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Developmental cognitive neuroscience [journal]
- Electrophysiological measures of attention during speech perception predict metalinguistic skills in children. [JOURNAL ARTICLE]
- Dev Cogn Neurosci 2013 Nov 2.:1-12.
Event-related potential (ERP) evidence demonstrates that preschool-aged children selectively attend to informative moments such as word onsets during speech perception. Although this observation indicates a role for attention in language processing, it is unclear whether this type of attention is part of basic speech perception mechanisms, higher-level language skills, or general cognitive abilities. The current study examined these possibilities by measuring ERPs from 5-year-old children listening to a narrative containing attention probes presented before, during, and after word onsets as well as at random control times. Children also completed behavioral tests assessing verbal and nonverbal skills. Probes presented after word onsets elicited a more negative ERP response beginning around 100ms after probe onset than control probes, indicating increased attention to word-initial segments. Crucially, the magnitude of this difference was correlated with performance on verbal tasks, but showed no relationship to nonverbal measures. More specifically, ERP attention effects were most strongly correlated with performance on a complex metalinguistic task involving grammaticality judgments. These results demonstrate that effective allocation of attention during speech perception supports higher-level, controlled language processing in children by allowing them to focus on relevant information at individual word and complex sentence levels.
- Acute exercise facilitates brain function and cognition in children who need it most: An ERP study of individual differences in inhibitory control capacity. [JOURNAL ARTICLE]
- Dev Cogn Neurosci 2013 Nov 16.:53-64.
The present study examined the effects of moderate-intensity aerobic exercise on aspects of cognitive control in two groups of children categorized by higher- and lower-task performance. Event-related brain potentials (ERPs) were collected in 40 preadolescent children during a modified flanker task following 20min of treadmill walking and seated rest on separate occasions. Participants were bifurcated into two groups based on task performance following the resting session. Findings revealed that following exercise, higher-performers maintained accuracy and exhibited no change in P3 amplitude compared to seated rest. Lower-performers demonstrated a differential effect, such that accuracy measures improved, and P3 amplitude increased following exercise. Lastly, both groups displayed smaller N2 amplitude and shorter P3 latency following exercise, suggesting an overall facilitation in response conflict and the speed of stimulus classification. The current findings replicate prior research reporting the beneficial influence of acute aerobic exercise on cognitive performance in children. However, children with lower inhibitory control capacity may benefit the most from single bouts of exercise. These data are among the first to demonstrate the differential effect of physical activity on individuals who vary in inhibitory control, and further support the role of aerobic exercise for brain health during development.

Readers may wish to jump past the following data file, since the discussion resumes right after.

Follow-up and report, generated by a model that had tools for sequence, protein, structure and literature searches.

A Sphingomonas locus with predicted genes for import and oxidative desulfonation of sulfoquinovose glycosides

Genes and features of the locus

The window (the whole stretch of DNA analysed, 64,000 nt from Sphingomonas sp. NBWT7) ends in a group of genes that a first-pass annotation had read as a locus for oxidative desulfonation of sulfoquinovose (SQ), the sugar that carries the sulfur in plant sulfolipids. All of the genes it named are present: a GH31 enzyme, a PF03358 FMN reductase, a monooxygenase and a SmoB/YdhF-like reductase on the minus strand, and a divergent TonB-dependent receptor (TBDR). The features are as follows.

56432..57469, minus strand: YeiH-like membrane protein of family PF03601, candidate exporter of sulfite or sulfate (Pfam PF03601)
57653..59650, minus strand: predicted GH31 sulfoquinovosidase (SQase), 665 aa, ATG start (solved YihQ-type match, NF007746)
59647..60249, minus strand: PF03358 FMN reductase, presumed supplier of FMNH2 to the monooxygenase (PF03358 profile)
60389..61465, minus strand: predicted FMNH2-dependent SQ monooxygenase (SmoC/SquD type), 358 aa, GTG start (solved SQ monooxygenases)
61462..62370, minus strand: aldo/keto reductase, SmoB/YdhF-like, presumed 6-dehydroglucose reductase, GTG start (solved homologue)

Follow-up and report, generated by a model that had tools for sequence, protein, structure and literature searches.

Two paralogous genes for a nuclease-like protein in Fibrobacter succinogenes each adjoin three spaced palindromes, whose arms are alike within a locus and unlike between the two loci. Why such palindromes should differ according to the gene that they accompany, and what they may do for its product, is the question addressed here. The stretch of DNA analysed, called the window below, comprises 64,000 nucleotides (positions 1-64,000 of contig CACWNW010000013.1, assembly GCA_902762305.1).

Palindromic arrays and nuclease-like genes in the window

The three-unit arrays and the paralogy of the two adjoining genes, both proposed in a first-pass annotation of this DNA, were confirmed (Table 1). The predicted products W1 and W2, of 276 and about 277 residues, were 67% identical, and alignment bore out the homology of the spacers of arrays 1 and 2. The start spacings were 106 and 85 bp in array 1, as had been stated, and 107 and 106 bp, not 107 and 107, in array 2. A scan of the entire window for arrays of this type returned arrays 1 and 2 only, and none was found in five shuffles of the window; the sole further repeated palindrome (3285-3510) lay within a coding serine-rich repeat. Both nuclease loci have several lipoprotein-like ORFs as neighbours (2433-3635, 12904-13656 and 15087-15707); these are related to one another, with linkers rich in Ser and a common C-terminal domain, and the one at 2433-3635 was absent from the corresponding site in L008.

- Caudate responses to reward anticipation associated with delay discounting behavior in healthy youth. [JOURNAL ARTICLE]
- Dev Cogn Neurosci 2013 Nov 7.:43-52.
Choices requiring delay of gratification made during adolescence can have significant impact on life trajectory. Willingness to delay gratification can be measured using delay discounting tasks that require a choice between a smaller immediate reward and a larger delayed reward. Individual differences in the subjective value of delayed rewards are associated with risk for development of psychopathology including substance abuse. The neurobiological underpinnings related to these individual differences early in life are not fully understood. Using functional magnetic resonance imaging (fMRI), we tested the hypothesis that individual differences in delay discounting behavior in healthy youth are related to differences in responsiveness to potential reward.Nineteen 10-14 year-olds performed a monetary incentive delay task to assess neural sensitivity to potential reward and a questionnaire to measure discounting of future monetary rewards.Left ventromedial caudate activation during anticipation of potential reward was negatively correlated with delay discounting behavior. There were no regions where brain responses during notification of reward outcome were associated with discounting behavior.Brain activation during anticipation of potential reward may serve as a marker for individual differences in ability or willingness to delay gratification in healthy youth.
- Loss aversion and 5HTT gene variants in adolescent anxiety. [JOURNAL ARTICLE]
- Dev Cogn Neurosci 2013 Oct 26.